impulse sparkover voltage. The highest value of voltage attained by an impulse of a designated wave shape and polarity applied across the terminals of an arrester prior to the flow of discharge current.
surge breakdown voltage. See impulse sparkover voltage.
impulse breakdown voltage. See impulse sparkover voltage.
sparkover. A disruptive discharge between electrodes of a measuring gap, voltage control gap, or protective device.
glow voltage. The voltage drop across an arrester during glow current flow. It is sometimes called the
glow mode voltage.
glow current. The current that flows after breakdown when the circuit impedance limits the follow current to a value less than the glow-to-arc transition current. It is sometimes called the
glow mode current.
follow current. The current from the connected power source that flows through an arrester during and following the passage of discharge current.
discharge current. The current that flows through an arrester when sparkover occurs.
dc holdover. In applications where dc voltage exists on a line, a holdover condition is one in which a surge-protective device continues to conduct after it is subjected to an impulse large enough to cause breakdown. Factors that affect the time required to recover from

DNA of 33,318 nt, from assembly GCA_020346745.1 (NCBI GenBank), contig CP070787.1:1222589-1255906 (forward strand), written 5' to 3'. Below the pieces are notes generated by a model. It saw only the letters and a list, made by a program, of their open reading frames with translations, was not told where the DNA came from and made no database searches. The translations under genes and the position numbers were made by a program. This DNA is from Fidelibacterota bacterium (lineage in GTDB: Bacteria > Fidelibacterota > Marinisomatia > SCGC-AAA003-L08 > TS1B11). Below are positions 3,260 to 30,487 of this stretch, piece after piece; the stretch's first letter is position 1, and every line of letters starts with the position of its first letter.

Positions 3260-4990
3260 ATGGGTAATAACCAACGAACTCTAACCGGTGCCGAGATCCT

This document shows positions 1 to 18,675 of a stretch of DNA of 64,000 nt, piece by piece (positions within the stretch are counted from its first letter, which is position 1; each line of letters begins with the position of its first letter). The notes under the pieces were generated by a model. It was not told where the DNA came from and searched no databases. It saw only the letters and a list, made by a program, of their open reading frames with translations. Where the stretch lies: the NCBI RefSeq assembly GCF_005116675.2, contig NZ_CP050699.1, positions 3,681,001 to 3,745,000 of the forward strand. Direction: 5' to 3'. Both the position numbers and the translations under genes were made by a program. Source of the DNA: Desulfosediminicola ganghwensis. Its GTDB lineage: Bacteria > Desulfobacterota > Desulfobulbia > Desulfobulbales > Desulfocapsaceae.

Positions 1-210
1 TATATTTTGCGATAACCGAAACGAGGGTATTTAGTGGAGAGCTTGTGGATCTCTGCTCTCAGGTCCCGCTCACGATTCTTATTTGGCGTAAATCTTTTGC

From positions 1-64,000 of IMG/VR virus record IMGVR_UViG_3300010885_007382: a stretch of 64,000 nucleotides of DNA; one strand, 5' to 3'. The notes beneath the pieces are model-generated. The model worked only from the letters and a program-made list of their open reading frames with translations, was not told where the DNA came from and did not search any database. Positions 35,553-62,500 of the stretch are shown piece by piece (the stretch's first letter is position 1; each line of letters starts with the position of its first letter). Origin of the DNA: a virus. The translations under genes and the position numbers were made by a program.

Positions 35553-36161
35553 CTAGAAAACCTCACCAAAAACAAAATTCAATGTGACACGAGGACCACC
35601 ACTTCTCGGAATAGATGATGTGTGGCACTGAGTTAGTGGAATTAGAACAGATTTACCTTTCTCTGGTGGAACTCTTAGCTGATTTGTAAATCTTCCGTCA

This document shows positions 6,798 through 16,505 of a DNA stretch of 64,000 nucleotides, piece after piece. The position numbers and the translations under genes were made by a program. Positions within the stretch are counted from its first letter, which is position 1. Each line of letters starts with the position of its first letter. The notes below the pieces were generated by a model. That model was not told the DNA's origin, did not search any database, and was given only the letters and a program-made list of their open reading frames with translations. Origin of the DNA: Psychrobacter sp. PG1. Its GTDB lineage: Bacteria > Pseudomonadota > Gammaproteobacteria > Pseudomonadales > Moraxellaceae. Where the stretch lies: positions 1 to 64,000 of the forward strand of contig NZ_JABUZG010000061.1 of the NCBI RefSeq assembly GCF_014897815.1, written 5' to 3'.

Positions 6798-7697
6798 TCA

the conducting state include the dc voltage and the dc current.
dc holdover voltage. The maximum dc voltage across the terminals of an arrester under which it may be expected to clear and to return to the high impedence state after the passage of a surge, under specified circuit conditions.
breakdown. The abrupt transition of the gap resistance from a practically infinite value to a relatively low value. In the case of a gap, this is sometimes referred to as sparkover or ignition.
breakdown voltage, dc. The minimum slowly rising dc voltage that causes breakdown or sparkover when applied to the terminals of an arrester.
breakdown voltage, ac. The minimum rms value of a sinusoidal voltage at frequencies between 15Hz and 62Hz that result in arrester sparkover.
arc current. The current that flows after breakdown when the circuit impedance allows a current that exceeds the glow-to-arc transition current. Sometimes called the
arc mode current.
glow-to-arc transition current. The current required for the arrester to pass from the glow mode into the arc mode.
arc voltage. The voltage drop across the arrester during arc current flow. Sometimes called
arc mode voltage.
discharge voltage. The voltage that appears across the terminals of an arrester during the passage of discharge current.
transition time. The time required for the voltage across a conducting gap to drop into the arc region after the gap initially begins to conduct.
current turnoff time. The time required for the arrester to restore itself to a non conducting state following a period of conduction. This applies only to a condition where the arrester is exposed to a continuous specified dc potential under a specific condition.